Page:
and this is similar to the incident mentioned in the quraan with regard to Ezra (i believe his name was) it mentions "huwa min Bani Isra'eel". What had happened was that he passed by a town, and he had a conversation with Allah about this subject. So Allah caused him to die for a 100 years, and when he was revived Allah asked him how long were you away (sleep), Ezra replied about a day or half a day. Then ALlah told him what happened, and he told him to look at his food and look at his camel as a sign to the people who were available in this time (100 years later). Then when the camel was nothing but bones and dust, Allah literally made available to him to see the actual reconstruction of the camel to its lively form.
there is nothing here in this text that indicate that it was "a dream" or a sight other than the actual sight.
Allah saysI'm not sure how this matter of the Israa' to be a test of faith.
“And We granted the vision (Ascension to the heavens) which We made you see (as an actual eye witness) was only made as a trial for the people.” (17.60)
i don't think it is injected. it is "a given" or "understood" based of other texts that you may have no even understood the link to in this mater. And yes there is room for disagreement. examine the followingIsn't that an opinion about the Basirah of a Prophet that is being injected into the text? What is the basis of that opinion? Isn't there room for disagreeing with that opinion?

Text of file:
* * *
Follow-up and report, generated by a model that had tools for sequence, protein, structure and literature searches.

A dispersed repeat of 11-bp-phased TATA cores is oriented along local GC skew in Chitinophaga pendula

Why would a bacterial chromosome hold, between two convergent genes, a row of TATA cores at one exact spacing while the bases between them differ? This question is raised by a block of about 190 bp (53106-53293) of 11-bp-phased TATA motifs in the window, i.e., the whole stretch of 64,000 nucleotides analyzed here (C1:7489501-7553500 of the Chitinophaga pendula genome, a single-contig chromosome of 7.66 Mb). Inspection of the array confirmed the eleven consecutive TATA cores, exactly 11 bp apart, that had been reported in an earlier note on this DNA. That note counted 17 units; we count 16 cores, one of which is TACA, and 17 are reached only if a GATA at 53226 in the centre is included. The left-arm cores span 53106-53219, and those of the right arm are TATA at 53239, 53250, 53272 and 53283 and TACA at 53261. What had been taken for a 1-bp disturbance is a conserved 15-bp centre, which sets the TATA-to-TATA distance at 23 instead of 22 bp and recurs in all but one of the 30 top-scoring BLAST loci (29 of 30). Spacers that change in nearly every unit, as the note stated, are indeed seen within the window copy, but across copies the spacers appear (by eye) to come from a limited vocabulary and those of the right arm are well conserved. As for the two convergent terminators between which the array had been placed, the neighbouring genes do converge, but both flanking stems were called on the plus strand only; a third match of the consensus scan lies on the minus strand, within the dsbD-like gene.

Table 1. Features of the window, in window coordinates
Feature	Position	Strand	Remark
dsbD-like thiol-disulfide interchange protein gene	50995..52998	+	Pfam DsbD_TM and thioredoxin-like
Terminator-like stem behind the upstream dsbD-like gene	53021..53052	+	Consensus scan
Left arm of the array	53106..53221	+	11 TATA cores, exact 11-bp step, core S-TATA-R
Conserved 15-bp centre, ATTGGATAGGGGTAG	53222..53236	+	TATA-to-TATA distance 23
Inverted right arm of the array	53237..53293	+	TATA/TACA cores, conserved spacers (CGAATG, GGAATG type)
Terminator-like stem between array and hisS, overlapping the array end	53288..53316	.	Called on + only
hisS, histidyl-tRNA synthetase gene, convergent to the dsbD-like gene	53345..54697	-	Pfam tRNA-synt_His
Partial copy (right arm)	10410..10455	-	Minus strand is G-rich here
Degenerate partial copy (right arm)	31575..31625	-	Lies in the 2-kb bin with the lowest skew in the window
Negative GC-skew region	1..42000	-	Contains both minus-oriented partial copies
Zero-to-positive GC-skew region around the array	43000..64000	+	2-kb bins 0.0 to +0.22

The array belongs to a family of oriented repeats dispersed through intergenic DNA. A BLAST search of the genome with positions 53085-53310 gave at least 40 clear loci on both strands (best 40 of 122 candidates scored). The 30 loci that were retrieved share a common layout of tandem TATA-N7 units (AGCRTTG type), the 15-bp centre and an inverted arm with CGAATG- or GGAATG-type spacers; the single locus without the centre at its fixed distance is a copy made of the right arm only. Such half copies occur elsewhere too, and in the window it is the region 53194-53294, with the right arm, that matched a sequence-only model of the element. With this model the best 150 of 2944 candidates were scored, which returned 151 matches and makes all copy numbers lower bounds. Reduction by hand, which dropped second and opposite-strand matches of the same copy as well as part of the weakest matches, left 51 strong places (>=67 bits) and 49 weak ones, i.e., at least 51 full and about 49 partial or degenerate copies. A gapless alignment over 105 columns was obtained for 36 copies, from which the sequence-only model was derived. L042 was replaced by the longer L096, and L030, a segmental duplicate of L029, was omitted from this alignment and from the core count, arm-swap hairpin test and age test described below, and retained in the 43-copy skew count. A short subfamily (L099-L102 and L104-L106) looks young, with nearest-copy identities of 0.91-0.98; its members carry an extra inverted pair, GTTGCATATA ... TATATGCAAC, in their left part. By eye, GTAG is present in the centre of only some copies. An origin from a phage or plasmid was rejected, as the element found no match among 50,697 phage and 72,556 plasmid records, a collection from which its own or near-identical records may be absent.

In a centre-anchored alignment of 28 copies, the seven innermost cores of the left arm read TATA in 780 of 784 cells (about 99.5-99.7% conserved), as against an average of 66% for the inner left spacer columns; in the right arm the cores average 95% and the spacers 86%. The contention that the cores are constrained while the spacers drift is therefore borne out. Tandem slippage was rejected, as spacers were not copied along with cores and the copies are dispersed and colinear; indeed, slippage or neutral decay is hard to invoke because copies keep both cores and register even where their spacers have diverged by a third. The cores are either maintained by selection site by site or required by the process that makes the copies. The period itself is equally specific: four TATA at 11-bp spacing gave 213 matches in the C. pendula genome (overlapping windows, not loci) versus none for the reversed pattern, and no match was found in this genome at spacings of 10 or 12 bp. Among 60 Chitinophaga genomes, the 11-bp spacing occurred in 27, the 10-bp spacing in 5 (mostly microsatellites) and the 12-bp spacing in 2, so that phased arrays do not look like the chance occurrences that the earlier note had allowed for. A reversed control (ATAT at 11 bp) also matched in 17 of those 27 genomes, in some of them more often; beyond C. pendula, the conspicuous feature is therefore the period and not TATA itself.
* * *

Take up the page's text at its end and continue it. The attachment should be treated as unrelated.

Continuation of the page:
There are 3 opinions:
1) The Prophet [Peace be upon him] saw the attributes of Allah
2) The Prophet saw Allah with eyes of the heart
3) The Prophet [Peace be upon him] saw Allah with the eyes of the head
It is very well known that Ibn Abbas was of the Opinion that the Prophet saw his Lord weather this was with the eyes or heart is however disputed.
Imam al-Bajuri (Allah have mercy on him) said that the preferred position according to the Ulama is that the Messenger of Allah (Allah bless him & give him peace) did see his Lord in the night of al-Isra' and al-Me'raj with the eyes of his head. The Hadith of Sayyiduna Ibn Abbas (Allah be pleased with him) will be given preference over the position of Sayyida A'isha (Allah be pleased with her), as the principle states "Affirmation (ithbat) takes precedence over the negation (nafi)". Hence, the position of Ibn Abbas and others (Allah be pleased with them all) will be given preference and it will be said that the Messenger of Allah (Allah bless him & give him peace) was blessed with the vision of his Lord in the night of al-Isra' and al-Me'raj. (Bajuri, Tuhfat al-Murid, P: 117-118)